EU Commission to be sole enforcer of tech rules, EU countries agree

European Commission

Representatives from EU countries have agreed that the European Commission will be the sole enforcer of new tech rules, with a limited role for national antitrust watchdogs instead of the wider powers sought for them, officials have said.

EU ministers will formally ratify the agreement on November the 25th as part of the bloc’s common position ahead of negotiations with EU lawmakers and the Commission on the draft rules known as the Digital Markets Act (DMA) before they can become law.

The DMA, proposed by EU antitrust chief Margrethe Vestager last year, aim to curb the powers of Google, Facebook, Apple and Amazon with a list of dos and don’ts.

German and French antitrust watchdogs and their counterparts in the other 25 EU countries in a joint letter in June argued for a bigger role in enforcing the DMA and cited their expertise in digital cases.

“The Commission is the sole authority empowered to enforce this Regulation,” said an EU document agreed by a working group of the EU Council and seen by journalists at our partner news agency Reuters.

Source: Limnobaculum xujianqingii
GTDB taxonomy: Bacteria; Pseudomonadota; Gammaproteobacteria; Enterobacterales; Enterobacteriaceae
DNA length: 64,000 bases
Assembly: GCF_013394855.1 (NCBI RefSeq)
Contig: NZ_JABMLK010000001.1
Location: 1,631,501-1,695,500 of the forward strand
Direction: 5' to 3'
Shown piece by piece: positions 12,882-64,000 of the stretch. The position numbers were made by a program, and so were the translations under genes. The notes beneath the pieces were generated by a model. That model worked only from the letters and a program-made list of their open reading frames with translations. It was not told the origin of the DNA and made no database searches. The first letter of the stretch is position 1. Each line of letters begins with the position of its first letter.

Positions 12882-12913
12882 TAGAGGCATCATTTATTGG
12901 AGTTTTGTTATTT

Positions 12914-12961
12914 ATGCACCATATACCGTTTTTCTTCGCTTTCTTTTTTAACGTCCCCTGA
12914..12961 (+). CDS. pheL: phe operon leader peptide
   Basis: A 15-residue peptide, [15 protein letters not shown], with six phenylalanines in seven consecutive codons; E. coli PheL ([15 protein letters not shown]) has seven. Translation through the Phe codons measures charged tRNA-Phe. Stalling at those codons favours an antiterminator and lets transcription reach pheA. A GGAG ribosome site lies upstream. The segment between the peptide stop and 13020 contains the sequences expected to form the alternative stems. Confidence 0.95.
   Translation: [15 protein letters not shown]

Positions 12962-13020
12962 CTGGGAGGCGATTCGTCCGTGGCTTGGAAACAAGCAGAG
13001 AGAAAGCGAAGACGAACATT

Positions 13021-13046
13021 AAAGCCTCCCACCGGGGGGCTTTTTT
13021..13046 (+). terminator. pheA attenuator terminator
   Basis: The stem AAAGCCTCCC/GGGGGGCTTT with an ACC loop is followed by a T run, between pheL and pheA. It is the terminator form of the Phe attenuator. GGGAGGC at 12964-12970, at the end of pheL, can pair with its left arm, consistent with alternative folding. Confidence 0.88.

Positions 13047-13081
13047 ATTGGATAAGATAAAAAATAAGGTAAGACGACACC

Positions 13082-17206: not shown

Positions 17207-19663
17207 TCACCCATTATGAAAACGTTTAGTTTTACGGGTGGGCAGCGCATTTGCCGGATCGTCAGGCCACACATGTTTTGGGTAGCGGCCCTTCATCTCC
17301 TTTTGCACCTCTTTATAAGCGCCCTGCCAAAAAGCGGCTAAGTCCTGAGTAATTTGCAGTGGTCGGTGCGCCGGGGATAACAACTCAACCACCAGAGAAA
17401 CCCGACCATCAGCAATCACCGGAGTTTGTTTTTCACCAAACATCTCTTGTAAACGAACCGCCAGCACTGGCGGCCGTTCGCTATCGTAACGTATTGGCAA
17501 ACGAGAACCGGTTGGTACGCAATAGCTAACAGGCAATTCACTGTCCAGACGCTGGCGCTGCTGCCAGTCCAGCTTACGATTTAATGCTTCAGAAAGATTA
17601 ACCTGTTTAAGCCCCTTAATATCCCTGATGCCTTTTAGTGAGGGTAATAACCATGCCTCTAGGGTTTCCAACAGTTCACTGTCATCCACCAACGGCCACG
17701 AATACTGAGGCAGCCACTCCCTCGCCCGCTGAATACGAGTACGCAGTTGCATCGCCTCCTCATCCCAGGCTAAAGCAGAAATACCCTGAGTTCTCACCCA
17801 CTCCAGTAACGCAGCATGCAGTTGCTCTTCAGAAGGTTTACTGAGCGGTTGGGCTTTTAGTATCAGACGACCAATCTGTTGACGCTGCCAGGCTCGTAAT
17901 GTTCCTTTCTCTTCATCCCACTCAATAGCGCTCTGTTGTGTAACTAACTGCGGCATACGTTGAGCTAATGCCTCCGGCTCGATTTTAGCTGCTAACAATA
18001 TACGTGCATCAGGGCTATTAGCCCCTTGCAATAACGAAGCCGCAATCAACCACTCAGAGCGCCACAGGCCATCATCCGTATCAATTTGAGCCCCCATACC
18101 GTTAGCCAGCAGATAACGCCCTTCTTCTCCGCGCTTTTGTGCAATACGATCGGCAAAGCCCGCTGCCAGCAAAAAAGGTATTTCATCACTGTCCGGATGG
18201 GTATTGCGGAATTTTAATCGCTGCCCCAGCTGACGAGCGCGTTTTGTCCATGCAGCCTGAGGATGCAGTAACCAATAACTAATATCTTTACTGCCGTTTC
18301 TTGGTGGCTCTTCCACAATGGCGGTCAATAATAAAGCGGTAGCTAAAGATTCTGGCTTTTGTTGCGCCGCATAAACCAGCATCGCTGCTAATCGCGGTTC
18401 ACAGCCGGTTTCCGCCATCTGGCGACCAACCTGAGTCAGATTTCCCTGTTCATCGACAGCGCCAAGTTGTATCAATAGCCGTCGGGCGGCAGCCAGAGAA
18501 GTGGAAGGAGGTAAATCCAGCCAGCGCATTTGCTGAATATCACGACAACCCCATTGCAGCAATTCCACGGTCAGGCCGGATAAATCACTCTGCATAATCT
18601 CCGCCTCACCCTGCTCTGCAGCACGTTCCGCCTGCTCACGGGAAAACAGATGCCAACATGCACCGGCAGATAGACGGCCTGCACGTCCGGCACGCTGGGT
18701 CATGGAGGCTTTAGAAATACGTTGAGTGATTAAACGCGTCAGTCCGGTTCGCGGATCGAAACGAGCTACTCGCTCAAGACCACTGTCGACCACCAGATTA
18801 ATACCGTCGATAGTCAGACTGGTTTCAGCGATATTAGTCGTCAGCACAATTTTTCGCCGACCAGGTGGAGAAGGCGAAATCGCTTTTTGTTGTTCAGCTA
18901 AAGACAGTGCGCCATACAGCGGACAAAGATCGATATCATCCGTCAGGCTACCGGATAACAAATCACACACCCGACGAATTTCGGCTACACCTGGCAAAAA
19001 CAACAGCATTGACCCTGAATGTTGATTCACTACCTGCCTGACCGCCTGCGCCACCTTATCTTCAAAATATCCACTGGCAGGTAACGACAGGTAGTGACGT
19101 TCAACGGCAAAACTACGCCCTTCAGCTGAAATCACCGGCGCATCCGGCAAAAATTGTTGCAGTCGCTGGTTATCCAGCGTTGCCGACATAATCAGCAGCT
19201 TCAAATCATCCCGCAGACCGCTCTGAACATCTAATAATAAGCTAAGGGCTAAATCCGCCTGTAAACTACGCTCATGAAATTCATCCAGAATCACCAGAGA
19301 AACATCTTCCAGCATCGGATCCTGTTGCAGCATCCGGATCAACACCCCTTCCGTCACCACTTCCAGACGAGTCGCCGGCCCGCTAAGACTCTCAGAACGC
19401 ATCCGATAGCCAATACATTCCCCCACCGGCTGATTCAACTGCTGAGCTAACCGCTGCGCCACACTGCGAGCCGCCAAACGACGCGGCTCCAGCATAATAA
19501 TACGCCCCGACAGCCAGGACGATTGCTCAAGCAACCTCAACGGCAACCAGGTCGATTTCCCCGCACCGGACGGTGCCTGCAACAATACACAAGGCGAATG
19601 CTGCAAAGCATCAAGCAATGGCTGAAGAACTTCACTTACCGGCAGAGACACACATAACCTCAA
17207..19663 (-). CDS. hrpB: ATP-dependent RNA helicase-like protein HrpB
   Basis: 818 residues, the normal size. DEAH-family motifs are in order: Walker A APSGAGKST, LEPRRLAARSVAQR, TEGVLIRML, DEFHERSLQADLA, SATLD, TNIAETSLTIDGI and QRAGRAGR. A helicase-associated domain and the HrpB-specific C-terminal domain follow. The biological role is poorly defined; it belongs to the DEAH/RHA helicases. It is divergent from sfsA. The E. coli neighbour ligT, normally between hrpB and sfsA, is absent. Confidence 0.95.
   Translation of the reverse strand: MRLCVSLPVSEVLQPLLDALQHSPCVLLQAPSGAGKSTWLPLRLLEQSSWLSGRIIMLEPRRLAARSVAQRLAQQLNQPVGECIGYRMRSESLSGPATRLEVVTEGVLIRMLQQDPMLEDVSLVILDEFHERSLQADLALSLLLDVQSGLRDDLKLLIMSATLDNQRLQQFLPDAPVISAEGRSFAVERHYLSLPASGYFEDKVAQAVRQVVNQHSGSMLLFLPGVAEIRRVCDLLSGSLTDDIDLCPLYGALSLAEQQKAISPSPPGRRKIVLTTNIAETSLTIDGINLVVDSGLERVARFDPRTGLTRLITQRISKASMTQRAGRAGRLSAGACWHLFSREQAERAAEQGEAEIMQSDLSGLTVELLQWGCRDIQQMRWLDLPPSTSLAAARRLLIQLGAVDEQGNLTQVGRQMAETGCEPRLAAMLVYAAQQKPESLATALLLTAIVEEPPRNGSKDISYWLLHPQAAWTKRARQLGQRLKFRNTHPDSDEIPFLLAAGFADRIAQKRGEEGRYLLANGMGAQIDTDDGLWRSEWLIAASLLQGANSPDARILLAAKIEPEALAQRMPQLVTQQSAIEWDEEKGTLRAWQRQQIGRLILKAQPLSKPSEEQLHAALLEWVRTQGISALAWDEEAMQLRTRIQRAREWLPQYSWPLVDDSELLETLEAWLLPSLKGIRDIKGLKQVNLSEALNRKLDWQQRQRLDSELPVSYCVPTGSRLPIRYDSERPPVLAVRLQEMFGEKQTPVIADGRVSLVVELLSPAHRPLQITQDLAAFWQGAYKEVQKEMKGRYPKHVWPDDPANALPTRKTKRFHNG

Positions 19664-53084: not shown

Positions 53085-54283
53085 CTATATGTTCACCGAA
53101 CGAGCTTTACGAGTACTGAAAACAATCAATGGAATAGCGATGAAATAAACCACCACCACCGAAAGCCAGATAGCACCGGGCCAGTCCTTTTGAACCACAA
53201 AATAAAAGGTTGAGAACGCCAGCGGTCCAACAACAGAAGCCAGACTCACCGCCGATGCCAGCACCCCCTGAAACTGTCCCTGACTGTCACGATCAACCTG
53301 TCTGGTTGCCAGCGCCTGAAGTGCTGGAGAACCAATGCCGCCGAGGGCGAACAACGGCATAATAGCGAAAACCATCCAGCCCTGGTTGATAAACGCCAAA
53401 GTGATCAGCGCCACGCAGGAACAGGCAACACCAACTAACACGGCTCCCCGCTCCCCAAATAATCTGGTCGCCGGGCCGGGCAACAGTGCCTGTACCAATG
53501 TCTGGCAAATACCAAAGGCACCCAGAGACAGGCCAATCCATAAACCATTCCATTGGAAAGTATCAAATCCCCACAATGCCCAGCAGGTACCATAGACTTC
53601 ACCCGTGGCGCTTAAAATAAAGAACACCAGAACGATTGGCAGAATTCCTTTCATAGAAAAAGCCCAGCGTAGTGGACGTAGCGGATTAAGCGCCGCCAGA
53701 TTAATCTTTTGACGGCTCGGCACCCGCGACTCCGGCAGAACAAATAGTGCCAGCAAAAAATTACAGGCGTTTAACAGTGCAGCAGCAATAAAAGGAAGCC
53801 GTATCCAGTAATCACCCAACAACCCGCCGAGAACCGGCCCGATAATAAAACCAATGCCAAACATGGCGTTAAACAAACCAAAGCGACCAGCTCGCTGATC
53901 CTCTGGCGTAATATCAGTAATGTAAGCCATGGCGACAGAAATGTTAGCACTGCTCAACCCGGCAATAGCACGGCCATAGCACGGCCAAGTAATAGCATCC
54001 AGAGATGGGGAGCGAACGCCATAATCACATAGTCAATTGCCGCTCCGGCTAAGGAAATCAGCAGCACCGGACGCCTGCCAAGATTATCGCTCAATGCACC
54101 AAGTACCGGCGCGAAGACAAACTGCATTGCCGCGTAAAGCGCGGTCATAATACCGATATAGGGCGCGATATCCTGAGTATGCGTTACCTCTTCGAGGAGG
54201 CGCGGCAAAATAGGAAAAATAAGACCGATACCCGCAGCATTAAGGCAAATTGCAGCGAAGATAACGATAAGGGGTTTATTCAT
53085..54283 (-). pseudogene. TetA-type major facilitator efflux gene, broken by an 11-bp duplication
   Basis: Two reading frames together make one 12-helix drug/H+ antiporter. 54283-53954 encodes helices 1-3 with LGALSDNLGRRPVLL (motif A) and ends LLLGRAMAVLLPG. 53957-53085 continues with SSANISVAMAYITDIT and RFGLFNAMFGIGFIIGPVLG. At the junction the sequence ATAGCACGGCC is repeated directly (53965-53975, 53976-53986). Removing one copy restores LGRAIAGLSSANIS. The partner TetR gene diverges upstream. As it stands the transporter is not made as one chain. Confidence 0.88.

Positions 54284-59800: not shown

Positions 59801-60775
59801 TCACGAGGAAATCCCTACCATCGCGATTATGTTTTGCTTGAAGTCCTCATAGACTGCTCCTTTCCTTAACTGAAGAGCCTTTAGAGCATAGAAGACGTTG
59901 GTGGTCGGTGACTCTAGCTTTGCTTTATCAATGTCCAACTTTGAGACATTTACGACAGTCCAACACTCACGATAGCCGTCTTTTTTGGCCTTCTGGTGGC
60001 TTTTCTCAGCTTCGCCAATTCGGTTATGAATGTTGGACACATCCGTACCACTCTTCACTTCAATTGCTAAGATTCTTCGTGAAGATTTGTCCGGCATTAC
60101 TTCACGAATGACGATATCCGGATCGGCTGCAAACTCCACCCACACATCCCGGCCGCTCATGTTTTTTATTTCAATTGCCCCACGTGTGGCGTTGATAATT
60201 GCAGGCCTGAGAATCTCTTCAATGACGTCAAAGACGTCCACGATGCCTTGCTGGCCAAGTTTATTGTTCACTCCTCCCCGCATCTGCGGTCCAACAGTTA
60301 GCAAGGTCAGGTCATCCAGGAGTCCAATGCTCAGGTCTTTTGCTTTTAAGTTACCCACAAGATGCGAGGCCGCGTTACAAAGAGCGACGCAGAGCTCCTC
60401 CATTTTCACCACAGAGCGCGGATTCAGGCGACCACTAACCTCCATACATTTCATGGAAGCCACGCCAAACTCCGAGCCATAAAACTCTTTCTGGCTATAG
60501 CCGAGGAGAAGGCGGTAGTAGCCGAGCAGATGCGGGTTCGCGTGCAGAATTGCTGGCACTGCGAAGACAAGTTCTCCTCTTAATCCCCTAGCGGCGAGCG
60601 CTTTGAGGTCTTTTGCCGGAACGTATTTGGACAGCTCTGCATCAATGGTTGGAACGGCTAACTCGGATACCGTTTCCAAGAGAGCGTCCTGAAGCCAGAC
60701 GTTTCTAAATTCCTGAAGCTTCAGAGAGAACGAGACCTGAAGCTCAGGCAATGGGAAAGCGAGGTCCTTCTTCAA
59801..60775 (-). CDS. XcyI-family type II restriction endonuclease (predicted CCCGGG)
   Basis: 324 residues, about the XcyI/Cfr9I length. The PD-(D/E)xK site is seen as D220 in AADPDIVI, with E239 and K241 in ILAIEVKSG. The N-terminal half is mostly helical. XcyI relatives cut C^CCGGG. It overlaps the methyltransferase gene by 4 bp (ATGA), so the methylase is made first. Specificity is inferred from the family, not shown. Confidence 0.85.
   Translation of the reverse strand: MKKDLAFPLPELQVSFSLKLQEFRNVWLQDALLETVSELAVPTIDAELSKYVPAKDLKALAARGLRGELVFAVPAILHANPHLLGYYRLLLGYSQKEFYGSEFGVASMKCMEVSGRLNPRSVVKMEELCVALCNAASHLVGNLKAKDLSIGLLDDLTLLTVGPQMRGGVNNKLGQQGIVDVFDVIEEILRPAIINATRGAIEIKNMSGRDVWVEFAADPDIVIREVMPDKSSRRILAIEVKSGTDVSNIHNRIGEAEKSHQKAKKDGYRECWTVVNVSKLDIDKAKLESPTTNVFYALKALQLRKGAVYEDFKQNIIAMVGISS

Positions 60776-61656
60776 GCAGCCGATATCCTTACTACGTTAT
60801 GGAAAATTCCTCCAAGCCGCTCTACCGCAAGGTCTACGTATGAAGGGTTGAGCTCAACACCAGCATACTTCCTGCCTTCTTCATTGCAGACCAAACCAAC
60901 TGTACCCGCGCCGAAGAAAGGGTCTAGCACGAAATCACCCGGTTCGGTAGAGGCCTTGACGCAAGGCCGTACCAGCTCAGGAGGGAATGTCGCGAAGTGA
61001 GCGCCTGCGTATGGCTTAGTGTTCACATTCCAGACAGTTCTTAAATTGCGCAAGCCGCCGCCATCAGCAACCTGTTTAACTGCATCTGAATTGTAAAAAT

“In order to support the Commission, member states may empower competent authorities enforcing competition rules to conduct investigative measures into possible infringements of obligations for gatekeepers,” the document said.

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It said the European Union executive shall have full discretion to decide whether to open an investigation.

The team at Platform Executive hope you have enjoyed the ‘EU Commission to be sole enforcer of tech rules, EU countries agree‘ article. Automatic translation from English to a growing list of languages via Google AI Cloud Translation. Initial reporting via our official content partners at Thomson Reuters. Reporting by Foo Yun Chee. Editing by Grant McCool.

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